Non-traditional kilts

Not all men, tired of always wearing trousers, are finding the traditional kilt the best skirted garment. They might prefer a garment less Scottish and with fewer rules to follow. Or they simply consider non-traditional kilts an addition.


Man skirts

Could you as a man wear a skirt? Instead of a kilt or on some days kilt, on others a skirt? Well, the existence of utility kilts with their non-defined designs are part of the answer, so YES, you can. Skirts on men make sense. And skirts for men are to have.


Manly (enough) skirts

Skirts designed for women, but manly enough for men to wear. Could you, by still maintaining a manly appearance wear a skirt from the women's section? Well, it depends. But let's see.


Closing remarks

Show to the world that you are man enough to pull that 'skirt', whether a traditional tartan kilt, a solid-coloured kilt, a utility kilt, a skirt designed for men, a unisex skirt or one simply looking manly enough to also be worn by men.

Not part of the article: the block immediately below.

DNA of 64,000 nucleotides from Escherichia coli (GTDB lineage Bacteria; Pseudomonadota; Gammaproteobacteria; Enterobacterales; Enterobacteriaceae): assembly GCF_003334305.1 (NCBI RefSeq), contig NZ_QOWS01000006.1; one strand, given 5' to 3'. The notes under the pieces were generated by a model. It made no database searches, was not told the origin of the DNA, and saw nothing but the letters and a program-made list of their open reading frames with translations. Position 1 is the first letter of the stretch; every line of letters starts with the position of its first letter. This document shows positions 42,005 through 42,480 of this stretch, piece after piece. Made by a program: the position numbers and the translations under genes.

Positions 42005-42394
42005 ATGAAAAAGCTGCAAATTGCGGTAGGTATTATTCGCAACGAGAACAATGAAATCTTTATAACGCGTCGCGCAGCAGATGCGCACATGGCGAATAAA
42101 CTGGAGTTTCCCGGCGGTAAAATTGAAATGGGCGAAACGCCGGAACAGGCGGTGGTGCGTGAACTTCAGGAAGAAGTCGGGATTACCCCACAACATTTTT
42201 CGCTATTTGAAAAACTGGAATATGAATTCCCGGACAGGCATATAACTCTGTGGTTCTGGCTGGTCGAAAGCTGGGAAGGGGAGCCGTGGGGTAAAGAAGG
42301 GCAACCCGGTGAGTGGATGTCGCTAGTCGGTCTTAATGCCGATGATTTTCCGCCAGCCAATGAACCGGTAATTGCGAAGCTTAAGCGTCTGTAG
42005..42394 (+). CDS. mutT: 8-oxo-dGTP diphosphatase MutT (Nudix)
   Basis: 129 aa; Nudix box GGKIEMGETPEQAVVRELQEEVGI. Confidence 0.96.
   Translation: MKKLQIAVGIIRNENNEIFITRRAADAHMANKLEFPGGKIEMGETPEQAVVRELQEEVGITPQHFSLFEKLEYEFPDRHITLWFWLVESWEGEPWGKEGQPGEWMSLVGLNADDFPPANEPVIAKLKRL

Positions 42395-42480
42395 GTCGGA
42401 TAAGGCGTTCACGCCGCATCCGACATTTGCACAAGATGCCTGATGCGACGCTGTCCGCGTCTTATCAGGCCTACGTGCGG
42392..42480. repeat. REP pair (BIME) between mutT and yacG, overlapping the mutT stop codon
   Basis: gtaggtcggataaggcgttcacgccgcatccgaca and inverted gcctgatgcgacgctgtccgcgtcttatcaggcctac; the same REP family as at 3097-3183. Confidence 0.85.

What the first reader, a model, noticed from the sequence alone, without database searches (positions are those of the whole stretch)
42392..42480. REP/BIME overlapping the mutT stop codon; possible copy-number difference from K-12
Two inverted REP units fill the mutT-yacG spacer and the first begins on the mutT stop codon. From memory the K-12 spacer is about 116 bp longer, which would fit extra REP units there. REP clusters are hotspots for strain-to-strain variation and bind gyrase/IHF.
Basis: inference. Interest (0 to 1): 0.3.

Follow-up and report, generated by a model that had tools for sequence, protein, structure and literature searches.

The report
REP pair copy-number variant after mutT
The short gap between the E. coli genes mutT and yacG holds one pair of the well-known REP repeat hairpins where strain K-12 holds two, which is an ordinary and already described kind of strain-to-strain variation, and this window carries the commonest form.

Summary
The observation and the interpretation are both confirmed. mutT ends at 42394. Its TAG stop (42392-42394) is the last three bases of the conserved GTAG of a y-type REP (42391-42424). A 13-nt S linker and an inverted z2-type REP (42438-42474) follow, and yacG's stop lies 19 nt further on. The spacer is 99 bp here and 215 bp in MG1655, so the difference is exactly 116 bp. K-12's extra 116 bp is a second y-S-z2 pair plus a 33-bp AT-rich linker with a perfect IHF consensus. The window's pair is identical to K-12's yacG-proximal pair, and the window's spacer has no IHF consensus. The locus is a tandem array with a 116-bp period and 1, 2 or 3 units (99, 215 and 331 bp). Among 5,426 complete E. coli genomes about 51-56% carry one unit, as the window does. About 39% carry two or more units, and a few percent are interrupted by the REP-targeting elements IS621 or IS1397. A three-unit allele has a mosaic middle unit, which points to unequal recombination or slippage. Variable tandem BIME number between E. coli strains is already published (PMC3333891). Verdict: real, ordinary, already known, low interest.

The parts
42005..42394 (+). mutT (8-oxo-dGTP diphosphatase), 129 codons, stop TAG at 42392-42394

Kilts in 31 different tartans, listed alphabetically, plus solid-coloured kilts, utility kilts, man skirts, 'manly' skirts, and pages with a mix of kilts and different skirts - The Braveheart Way'. Altogether more than 50 pages and over 900 pictures. With the only purpose to convince YOU to wear a kilt - or another skirted garment - on a regular basis, without you having a special reason.


Links #1

Vendors of traditional kilts, from cheap, typically imported Pakistani kilts, whether off-the-peg or custom-made, to more expensive kilts, sewn to-your-measures in Europe or in America.
Vendors of accessories.
Tartan-mills and tartan-finders.


Links #2

Vendors of non-traditional kilts, utility kilts, sarongs, man skirts, unisex-skirts, "manly" skirts, and some shorts.


Links #3

Kilt and skirt forums, non-commercial home pages, blogs, picture galleries, videos, articles in print media and on the internet, men in kilts and skirts on stage and on the cat walk.


What's new?

At a glance, find out what is new, has been changed or has been deleted on the D2K site since your last visit.


Reflections in a kilt

A blog outside the website